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Nineteenth Century artifacts unearthed by New Jersey Department of Transportation projects in New Brunswick and Trenton will be on public display for the first time as part of an exhibition, Ebb and Flow: New Jersey and Its Rivers, which opens on January 26, 2006, at The New Jersey Historical Society, 52 Park Place, Newark. These artifacts and others, along with a walkable map, will illustrate how New Jersey’s rivers were both pathways and impediments to the state’s settlement and economic development.

The public is invited to a reception marking the opening, which will be held from 5 to 8 p.m.

Visitors to the interactive exhibition can explore four New Jersey rivers – the Delaware, Maurice, Passaic and Raritan -- and discover how New Jerseyans harvested the resources, built transportation networks, made a living, settled along these waterways, set up industries and addressed conflicts over how its rivers are used.

From the days when the Lenape, the state’s earliest residents, used net sinkers for fishing in clear waters, through to the present when current debate reflects ongoing conflicts over how the rivers are used, this exhibit is New Jersey’s story of water, whether as life-giving liquid, power source for production, route to a new home or resource for food, but always causing a major human impact on the landscape.

The walkable floor map, video and audio, and other hands-on activities will lead visitors through the four major components of the exhibition: Industry, which will include shipbuilding in the state and the Newark-based leather, hat, thread and beer industries; Settlement, which will examine lasting Dutch, English and Swedish influences on furniture and architecture; Food, which will highlight oyster harvesting at the mouth of a South Jersey river, and fishing skills used by the Lenape; and Transportation, which will tell the story of how New Jersey's towpath canals aided the movement of goods across the state.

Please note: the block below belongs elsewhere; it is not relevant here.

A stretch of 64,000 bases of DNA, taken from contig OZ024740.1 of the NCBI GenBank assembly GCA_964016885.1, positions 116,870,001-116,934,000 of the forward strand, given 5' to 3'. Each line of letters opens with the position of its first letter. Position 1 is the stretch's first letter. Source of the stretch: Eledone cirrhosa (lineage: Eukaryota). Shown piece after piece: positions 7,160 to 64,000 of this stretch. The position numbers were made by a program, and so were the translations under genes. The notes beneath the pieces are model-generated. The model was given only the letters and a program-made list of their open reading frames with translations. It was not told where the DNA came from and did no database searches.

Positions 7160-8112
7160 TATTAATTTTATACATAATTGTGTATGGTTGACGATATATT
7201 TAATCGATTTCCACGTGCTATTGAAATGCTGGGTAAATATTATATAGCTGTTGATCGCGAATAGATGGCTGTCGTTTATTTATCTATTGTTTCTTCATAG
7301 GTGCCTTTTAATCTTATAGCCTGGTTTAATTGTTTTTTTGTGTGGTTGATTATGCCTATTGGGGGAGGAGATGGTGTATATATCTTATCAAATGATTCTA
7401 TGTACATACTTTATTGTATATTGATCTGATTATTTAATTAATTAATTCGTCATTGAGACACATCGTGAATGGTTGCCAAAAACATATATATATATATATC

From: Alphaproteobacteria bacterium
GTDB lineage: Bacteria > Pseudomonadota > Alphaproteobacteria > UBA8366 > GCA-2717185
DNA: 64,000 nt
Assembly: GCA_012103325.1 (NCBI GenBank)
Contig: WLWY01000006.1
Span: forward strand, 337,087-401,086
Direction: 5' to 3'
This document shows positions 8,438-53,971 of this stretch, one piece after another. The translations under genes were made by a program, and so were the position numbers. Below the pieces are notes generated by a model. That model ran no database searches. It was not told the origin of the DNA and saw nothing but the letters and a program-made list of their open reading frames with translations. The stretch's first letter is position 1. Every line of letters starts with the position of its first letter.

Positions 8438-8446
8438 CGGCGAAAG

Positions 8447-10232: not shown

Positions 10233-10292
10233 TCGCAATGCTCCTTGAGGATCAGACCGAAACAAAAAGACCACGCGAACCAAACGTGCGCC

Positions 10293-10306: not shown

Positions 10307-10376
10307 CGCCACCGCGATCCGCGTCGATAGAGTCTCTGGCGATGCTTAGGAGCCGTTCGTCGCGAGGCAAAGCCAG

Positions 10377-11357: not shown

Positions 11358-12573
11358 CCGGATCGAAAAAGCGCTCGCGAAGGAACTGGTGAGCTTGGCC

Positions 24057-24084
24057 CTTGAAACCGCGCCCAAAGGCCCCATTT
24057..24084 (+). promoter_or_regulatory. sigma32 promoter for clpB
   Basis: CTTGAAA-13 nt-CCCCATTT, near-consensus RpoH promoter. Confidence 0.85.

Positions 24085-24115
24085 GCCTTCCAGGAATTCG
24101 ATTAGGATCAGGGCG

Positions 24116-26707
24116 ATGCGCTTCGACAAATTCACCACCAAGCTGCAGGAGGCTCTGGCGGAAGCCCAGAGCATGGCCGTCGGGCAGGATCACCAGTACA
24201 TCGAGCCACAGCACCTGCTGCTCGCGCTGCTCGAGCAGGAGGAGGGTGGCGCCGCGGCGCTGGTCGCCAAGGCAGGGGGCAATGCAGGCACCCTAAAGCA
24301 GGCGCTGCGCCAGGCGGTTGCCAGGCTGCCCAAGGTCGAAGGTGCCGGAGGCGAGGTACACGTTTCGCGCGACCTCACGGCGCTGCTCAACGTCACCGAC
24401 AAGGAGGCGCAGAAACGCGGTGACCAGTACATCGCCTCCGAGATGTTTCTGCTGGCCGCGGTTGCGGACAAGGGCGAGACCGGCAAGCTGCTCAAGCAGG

The stories about and contributions of these four rivers are symbolic of the role New Jersey's waterways have played in shaping this state and the nation. Their stories are relevant today: two of the rivers, the Maurice and sections of the Delaware, have been designated nationally as Wild and Scenic rivers; and the Raritan and the Passaic, which flow through suburban and urban New Jersey, have been impacted by dense development. The exhibit examines the events that led to current conditions as a way to spark curiosity and awareness about the importance of freshwater rivers and streams for history and for our lives today.

Ebb and Flow: New Jersey and Its Rivers is free and open to the public. Museum hours are Tuesday through Saturday, 10 a.m. to 5 p.m. The Historical Society has developed related educational programs for schools, teachers, families and general visitors around the exhibit, which was developed as a major educational resource for the state. For more information on these programs, please call The New Jersey Historical Society education department at 973-596-8500,

Dorothy White Hartman, President of Past Perspectives, Inc., and an expert on interactive presentation and interpretation of New Jersey’s history, is the guest curator of Ebb and Flow. Daniel Schnur is the exhibit designer and installation manager.

Support for the exhibition Ebb and Flow: New Jersey and Its Rivers has been provided in part with funding from a Special Projects grant from The New Jersey Historical Commission, a division of Cultural Affairs in the Department of State; The Charles Emil Thenen Foundation; The Leavens Foundation: The John Ben Snow Memorial Trust; and The Charles Edison Fund.

The New Jersey Historical Society, a state-wide, private, non profit historical museum, library, and archives, is dedicated to collecting, preserving, and interpreting the rich and intricate political, social, cultural and economic history of New Jersey to the broadest possible audiences. Museum hours are Tuesday through Saturday, 10 a.m. to 5 p.m. Library hours are Tuesday through Saturday, 12 noon to 5 p.m.

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(973) 596-8500 - Fax: (973) 596-6957
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